Inside Croydon was banned from yesterday’s “pre-launch” of Vita, the yuppie flats development with Poor Doors being built in Ruskin Square.
So these are the pictures, and the pricing details, which Places for People – who are managing the development on the site next to East Croydon Station – didn’t want you to see.
Places for People’s PR company ignored our request for an invite to the “pre-launch” and refused to answer our questions about the Apartment Apartheid they are introducing to central Croydon.
As we reported earlier this week, the scheme includes a segregated entrance for the occupants of around three dozen one- and two-bedroom “affordable” homes which are being included in the development as a condition of being granted planning permission.
But that didn’t stop Inside Croydon from accessing yesterday’s reception in AMP House, where it was announced that the developers will be putting the rest of their 161 apartments on the market at a range of prices up to £621,000.
That’s the price for two-bedroom “Type M” apartment No 2103, with 965 sq ft of space on the 21st floor… But beware: even these inflated prices are “subject to change without notice”.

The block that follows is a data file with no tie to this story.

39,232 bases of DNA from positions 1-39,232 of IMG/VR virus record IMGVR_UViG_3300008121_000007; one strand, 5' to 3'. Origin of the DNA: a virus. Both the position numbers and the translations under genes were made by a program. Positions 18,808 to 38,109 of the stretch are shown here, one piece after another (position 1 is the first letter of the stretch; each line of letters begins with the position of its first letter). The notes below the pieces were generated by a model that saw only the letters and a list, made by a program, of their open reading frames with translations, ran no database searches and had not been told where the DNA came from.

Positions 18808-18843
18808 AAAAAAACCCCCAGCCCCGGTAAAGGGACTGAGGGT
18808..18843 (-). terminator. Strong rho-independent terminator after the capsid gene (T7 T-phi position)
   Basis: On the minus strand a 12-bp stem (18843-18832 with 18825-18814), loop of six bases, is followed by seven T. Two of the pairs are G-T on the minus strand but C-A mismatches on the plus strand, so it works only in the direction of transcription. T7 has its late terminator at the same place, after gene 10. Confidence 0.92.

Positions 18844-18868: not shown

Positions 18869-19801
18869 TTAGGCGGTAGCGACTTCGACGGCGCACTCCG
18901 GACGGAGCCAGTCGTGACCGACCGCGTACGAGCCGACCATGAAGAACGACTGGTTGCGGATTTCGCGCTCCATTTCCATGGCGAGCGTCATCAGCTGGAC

London has a housing crisis, with record numbers of homeless and on council waiting lists.
But the homes being built at Ruskin Square will not be housing any homeless Londoners; they are aimed squarely at the overseas, buy-to-let market. Four properties seemed to be reserved for eager “investors” while we gate-crashed the Places for People event.
And the developers even have the audacity to flaunt a tenuous connection with John Ruskin, the influential Victorian social thinker and philanthropist who lived in Croydon. Ruskin would have had no truck for the social division promoted by Poor Doors in this “Vita” scheme, which looks set to generate around £140 million in property sales for the developers.
But what is Croydon’s Labour-run council doing to prevent developers introducing Poor Doors in their multi-million-pound scheme? Absolutely nothing.
“Unfortunately there is nothing we can do where planning consents have already been granted,” was the one-line, shrug-of-the-shoulders response from Councillor Paul Scott, chairman of the council planning committee, when asked about the Vita Poor Doors.
Hardly the sort of principled reforming zeal which a socialist like John Ruskin would have recognised.
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